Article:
In October 2018, Yara announced the completion of an emission reduction project at its Sluiskil plant in the Netherlands, where it has built a pipeline connecting that ammonia plant to a supply of byproduct (low-carbon) hydrogen from a nearby ethylene plant. The carbon-free hydrogen supply at Porsgrunn will be smaller than that, but with a far greater potential to scale up. You can’t always find new sources of byproduct hydrogen, but you can always build more modular electrolyzers. The Porsgrunn plant isn’t Yara’s first electrolyzer tie-in project: in February 2019, Yara announced that it is working with Engie on a feasibility study to connect electrolyzers fed by solar power at its Pilbara plant in Australia.
Pilot project objective: electrolyzer cost reduction
The prototype electrolyzer installed at Porsgrunn will displace natural gas feedstock (and eliminate CO2 emissions) for roughly 1% of the ammonia produced at its 500,000 ton per year plant. While every 1% matters, this is clearly less of an emissions-reduction project, and more of a technology cost-reduction project.
The partners hope that, by working together to develop Nel’s “next generation” electrolyzer technology and test it in an industrial setting, they can begin to drive down the future cost of renewable hydrogen.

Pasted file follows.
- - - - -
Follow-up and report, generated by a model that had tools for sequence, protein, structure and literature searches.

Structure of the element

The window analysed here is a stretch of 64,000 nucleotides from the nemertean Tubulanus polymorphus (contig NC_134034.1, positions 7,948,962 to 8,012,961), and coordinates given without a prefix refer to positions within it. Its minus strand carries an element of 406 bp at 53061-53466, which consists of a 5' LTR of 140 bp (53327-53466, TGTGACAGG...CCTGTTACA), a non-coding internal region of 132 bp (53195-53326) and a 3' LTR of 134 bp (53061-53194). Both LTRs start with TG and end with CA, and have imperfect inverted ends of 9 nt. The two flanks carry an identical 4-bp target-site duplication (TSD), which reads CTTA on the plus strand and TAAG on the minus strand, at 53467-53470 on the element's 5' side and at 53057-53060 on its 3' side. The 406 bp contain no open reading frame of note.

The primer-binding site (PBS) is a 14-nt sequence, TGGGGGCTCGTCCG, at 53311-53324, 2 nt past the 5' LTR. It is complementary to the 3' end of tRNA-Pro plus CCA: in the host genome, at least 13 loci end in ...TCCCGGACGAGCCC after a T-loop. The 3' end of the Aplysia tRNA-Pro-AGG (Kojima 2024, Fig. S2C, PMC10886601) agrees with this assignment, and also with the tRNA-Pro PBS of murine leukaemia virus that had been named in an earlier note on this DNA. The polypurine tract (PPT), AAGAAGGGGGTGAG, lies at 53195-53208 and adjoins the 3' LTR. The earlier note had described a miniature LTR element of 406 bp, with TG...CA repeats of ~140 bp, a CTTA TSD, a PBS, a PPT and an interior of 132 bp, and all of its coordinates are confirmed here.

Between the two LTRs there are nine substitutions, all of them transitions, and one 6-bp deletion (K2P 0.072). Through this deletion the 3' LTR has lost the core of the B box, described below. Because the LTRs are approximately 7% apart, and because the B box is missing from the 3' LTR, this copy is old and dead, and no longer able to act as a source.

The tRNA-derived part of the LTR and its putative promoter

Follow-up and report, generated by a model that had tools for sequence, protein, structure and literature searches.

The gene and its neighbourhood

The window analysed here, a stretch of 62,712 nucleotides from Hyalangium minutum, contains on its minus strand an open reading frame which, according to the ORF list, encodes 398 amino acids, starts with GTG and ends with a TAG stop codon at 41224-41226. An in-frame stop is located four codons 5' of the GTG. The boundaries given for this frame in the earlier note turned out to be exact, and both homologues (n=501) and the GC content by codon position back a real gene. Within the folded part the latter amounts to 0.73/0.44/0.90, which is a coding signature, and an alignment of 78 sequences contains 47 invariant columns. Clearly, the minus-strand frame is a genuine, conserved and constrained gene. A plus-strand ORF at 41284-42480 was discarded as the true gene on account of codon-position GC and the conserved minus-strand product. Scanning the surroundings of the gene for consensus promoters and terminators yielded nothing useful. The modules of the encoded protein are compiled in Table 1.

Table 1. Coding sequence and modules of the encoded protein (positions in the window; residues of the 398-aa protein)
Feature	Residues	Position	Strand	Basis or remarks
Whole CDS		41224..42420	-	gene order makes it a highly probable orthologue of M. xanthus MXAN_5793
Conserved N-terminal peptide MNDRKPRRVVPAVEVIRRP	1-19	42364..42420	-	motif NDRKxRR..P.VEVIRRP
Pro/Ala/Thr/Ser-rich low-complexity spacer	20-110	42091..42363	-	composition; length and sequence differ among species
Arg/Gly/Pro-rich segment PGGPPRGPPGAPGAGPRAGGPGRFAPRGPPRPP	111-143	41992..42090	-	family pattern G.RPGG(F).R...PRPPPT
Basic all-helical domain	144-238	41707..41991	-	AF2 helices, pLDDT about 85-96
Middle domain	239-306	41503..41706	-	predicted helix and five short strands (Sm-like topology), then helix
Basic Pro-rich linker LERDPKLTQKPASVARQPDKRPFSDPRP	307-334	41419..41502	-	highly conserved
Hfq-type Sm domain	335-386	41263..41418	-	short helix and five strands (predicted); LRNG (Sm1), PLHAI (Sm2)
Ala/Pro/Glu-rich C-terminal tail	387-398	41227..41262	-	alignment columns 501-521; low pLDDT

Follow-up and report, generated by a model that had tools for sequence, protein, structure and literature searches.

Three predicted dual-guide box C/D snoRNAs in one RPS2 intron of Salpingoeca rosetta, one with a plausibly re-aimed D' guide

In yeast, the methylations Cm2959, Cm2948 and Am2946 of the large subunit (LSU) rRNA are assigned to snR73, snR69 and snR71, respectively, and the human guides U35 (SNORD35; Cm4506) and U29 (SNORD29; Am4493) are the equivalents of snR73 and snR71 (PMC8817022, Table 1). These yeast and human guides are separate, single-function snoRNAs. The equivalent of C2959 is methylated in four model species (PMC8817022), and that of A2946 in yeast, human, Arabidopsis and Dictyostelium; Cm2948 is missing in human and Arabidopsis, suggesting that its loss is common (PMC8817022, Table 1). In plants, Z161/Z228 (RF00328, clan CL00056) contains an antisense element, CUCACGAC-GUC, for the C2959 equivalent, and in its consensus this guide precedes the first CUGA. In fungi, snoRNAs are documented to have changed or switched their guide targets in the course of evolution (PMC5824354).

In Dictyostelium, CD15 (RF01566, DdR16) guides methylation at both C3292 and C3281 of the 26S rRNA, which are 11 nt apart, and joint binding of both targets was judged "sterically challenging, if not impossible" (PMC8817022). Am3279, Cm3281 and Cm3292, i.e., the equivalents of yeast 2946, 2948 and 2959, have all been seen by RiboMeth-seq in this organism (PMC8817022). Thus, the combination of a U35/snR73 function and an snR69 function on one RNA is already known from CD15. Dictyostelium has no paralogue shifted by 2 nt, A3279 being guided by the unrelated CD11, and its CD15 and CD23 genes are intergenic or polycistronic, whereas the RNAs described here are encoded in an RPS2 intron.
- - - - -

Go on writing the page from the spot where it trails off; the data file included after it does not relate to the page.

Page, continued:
(We may be beginning to witness a new trend in sustainable financing, in response to the urgency of the climate crisis: investing in important but relatively expensive solutions with the explicit intention of moving the cost curve. See last week’s Negative Emissions Commitment by Stripe, the payment processing company that we use at this website, announcing its immediate intention “to purchase negative CO2 emissions at any price.”)
In addition to technology cost reduction, Yara can begin developing new markets for new products: green ammonia and green fertilizers, where the assumption must be that, at least initially, green products would earn a price premium over their fossil counterparts.
“We are also looking at the customer segment to see if we can commercialize this by having a share of our production that is marketed as CO₂-free fertilizer,” says [Tove Andersen, EVP Production in Yara].E24 article, Nel og Yara skal gjøre «grønt» hydrogen billigere, August 20, 2019
It is important to note that 5 MW may not be the scale of the commercial product, once Nel has developed it beyond the prototype.
The mass-produced version of the next-generation electrolyzer may not be the size of the five megawatt Yara pilot … The capacity will depend on the experience the company has … But one thing is certain, and that is that [Nel] wants to further streamline production, hoping that production costs will fall further and make [the] technology even more competitive with other solutions.